Since this is pulp cinema, there has to be pulp dialogue (here spoken with a Boston accent) wherein the chief of detectives says to Tommy, "These guys are armed and dangerous," and Tommy says, "What do you think I am?" Note the lack of ambiguity. Or when Tommy looks at a corporation CEO, who he senses is somehow involved in Emma's death, and says, "You had better decide whether you're hanging on the cross or banging in the nails." What that means is a bit unclear, but no matter, the pulp imagery is spot on, sounding hard-edged and threatening, mirroring Tommy Craven's persona throughout the film.

Is "Edge of Darkness" violent? Definitely. In the Craven world you can have conversations, brief and to the point, and then the moment is quickly reached when the best response is simply to hit or shoot the bad guy. Sometimes these moments of carnage and gunplay, or the threat of carnage and gunplay, are connected to the plot by the slightest of threads. No worries, though — they're a rush. This is, after all, a take-no-prisoners, pulpy revenge movie.

Broken Embraces

"Broken Embraces" was written and directed by Pedro Almodovar, likely the best-known and most successful Spanish filmmaker of the last three decades. His most memorable film, at least in the U.S., was "Volver" (Return), and starred, as does "Broken Embraces," Penelope Cruz, often referred to as Almodovar's muse.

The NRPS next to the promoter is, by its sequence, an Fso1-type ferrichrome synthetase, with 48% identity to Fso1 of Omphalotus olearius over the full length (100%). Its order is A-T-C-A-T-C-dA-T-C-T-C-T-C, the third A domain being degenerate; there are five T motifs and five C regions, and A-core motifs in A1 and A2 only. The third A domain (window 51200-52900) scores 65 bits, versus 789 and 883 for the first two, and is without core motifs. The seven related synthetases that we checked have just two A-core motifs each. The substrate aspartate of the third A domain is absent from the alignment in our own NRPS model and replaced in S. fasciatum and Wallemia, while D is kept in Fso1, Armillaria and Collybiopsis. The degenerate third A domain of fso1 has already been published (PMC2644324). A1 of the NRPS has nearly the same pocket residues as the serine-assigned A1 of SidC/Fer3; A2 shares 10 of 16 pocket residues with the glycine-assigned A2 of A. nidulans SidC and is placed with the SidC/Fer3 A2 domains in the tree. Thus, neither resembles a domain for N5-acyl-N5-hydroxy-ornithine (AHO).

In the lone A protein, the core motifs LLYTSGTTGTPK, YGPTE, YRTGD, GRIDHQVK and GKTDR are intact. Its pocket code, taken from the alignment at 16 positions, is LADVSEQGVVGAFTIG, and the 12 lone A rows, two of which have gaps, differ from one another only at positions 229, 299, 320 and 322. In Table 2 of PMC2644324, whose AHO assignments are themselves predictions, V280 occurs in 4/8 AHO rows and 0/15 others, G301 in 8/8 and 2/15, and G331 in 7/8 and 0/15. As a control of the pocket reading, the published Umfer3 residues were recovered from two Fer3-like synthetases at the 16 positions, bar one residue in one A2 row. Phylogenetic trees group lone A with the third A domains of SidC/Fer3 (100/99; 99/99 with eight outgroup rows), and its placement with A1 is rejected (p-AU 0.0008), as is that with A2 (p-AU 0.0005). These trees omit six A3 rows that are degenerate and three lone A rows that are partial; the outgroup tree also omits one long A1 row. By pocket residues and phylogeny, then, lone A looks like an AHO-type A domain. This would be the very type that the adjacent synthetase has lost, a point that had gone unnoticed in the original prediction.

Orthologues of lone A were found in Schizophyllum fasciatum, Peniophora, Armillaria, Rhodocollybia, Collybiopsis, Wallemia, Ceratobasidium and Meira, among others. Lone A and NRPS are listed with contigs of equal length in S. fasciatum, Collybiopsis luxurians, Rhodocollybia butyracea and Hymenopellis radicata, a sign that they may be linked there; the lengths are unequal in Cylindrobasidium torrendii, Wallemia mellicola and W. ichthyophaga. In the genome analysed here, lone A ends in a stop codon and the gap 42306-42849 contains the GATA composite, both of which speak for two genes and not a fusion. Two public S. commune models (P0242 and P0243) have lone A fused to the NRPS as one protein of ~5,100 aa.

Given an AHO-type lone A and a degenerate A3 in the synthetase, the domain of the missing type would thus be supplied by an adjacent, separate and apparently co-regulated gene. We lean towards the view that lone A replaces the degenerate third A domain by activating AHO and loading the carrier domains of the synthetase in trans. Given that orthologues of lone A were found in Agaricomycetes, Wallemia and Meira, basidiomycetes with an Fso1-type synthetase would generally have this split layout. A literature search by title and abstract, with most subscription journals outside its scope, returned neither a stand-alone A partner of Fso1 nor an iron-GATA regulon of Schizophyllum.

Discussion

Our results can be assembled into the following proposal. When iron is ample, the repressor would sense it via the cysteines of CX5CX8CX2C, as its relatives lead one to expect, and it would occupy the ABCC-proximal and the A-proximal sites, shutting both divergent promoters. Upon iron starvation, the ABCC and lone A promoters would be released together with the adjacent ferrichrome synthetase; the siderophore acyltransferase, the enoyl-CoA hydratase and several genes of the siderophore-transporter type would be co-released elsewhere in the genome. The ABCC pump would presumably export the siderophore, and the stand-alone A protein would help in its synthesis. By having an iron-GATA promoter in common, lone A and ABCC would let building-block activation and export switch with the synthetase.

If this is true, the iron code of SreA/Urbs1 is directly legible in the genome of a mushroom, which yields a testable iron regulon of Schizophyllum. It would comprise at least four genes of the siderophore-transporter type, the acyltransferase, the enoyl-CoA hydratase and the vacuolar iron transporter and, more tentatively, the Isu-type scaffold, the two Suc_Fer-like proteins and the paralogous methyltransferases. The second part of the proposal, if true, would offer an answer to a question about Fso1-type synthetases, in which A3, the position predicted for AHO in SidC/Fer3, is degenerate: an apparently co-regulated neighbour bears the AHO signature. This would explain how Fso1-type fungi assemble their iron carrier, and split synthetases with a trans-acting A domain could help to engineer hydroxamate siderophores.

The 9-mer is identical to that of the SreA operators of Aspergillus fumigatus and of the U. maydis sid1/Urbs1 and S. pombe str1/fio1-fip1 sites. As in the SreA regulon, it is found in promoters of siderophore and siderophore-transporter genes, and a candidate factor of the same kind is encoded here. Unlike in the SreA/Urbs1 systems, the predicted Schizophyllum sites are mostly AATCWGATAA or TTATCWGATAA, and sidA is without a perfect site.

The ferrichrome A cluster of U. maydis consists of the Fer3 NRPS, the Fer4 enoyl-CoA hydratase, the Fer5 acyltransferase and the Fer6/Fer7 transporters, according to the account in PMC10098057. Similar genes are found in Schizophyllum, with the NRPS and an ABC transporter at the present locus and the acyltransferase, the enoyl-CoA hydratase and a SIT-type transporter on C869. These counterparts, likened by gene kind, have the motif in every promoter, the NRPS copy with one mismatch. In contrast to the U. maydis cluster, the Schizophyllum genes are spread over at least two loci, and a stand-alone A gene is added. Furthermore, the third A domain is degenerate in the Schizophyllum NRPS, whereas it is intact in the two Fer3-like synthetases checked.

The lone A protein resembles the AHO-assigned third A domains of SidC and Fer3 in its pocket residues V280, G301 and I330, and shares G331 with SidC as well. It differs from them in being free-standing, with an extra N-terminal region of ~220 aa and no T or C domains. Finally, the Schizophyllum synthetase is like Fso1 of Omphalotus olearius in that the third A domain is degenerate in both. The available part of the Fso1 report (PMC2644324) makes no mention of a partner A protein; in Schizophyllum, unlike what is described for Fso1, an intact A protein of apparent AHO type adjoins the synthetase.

It is unusual for male directors to explore and celebrate the resilience of women and their will to survive and even prevail. "Volver" is about women, young and old, women who are buffeted by the vagaries of life, by the inexplicable and by the unexpected. The narrative is compelling, as are the complex characters.

"Broken Embraces" is a love story with a strong woman at its center: the stunningly beautiful Elena (Penelope Cruz), who does what she must to carry on, to help her parents, even it means working as a discrete call girl and a secretary for a wealthy industrialist. Gradually, she is pulled into a web of intrigue and duplicity and the film takes on a noirish tone as it moves from 2008 to 1994 in revealing flashbacks.